The ongoing Coronavirus pandemic has uprooted the lives of humans and animals alike. Many pets from loving homes have been left quite bereft and confused as their pet-parents fight the virus or, in some cases, succumb to it.
While the grim tales from the COVID-19 pandemic can be quite disheartening, do not lose hope. Each one of us has the ability to make a difference in our own small way, especially for these pets.
Animal welfare organisations, NGOs and boarding facilities are working round the clock to ensure that abandoned pets are able to deal with the loss of an owner. Recently, comedian Vir Das also took to social media promising free show tickets to the person who adopts an abandoned pet dog based in Bangalore to boost the NGOs efforts. So, if you are looking to help out or are a pet owner, here's what you can do to help your furry friends, who are desperately seeking your help.
YOU NEED FIGO! Look, the people in your life are aholes and figo will give you way more love. Look at that other person in your house, imagine Figo sitting where they are, and dial the number. https://t.co/B2YU80o0SJ— Vir Das (@thevirdas) May 3, 2021
Prepare for the worst-case scenario
Whether you are a pet parent or fostering pets from COVID-afflicted families, it is wise to arm yourself with a backup plan to ensure that your furry friend is taken care of in case of an emergency. The Humane Society International (HSI) also advises that 'in the event of a crisis or disaster, we urge everyone to have a disaster preparedness plan in place. And, get the word out! Remind community members that having a plan for pets is critical; individuals who become sick or require hospitalization will need to have someone to take their animals.'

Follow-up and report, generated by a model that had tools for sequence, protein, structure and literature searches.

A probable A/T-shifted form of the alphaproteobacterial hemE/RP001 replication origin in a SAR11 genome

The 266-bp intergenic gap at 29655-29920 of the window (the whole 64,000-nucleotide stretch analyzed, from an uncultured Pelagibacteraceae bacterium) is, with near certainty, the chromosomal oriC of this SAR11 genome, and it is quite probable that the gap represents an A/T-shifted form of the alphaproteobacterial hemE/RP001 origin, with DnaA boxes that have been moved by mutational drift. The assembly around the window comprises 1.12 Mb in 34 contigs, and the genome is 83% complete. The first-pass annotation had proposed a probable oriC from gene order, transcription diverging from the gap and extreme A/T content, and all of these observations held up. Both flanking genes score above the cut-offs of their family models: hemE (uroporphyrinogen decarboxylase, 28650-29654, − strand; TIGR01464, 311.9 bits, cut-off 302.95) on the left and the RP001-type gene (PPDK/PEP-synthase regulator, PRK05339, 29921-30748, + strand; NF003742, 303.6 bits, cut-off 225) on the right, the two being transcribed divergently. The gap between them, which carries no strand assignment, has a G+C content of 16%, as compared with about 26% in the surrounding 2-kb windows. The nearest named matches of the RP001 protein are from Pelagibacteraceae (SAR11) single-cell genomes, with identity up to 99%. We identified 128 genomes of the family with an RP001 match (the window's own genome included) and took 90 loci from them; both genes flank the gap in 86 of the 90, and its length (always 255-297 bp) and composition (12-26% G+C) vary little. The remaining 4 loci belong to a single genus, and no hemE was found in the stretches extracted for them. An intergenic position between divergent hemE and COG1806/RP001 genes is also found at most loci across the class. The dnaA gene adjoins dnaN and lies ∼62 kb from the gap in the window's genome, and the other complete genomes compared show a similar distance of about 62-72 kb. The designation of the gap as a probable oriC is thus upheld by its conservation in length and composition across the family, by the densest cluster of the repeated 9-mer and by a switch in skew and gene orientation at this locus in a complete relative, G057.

Here are some steps to include in your plan, according to HSI:
- Identify a family member or friend who can care for pets if someone in the household becomes too ill to do so.
- Have crates, food and extra supplies on hand that can last a minimum of two weeks.
- Have your animal’s vaccine record on hand, and if your dog or cat needs special assistance such as taking medication, write it down.
- Pets should have proper identification, such as a collar with an ID tag and a phone number.
Devanshi Shah, founder and CEO of PetKonnect agrees, she says, "I strongly recommend making your pets an emergency handbook that communicates your pet's needs and routines so that they can be managed at home in your absence. Ideally, you must ensure that there is a next of kin who will be responsible for the pet in case of a mishap. Pets cannot communicate their needs and routines. If something happens to the pet parents, this handbook will avoid the next set of foster parents from going in blind. This is the mature and responsible thing to do."
However, in the absence of an immediate family member or domestic help to take care of your pet, Natasha Kothari, founder of Studio UnGap, advises reaching out to experienced foster parents in your pet groups, trusted animal NGOs and blogs who can help put out a foster appeal.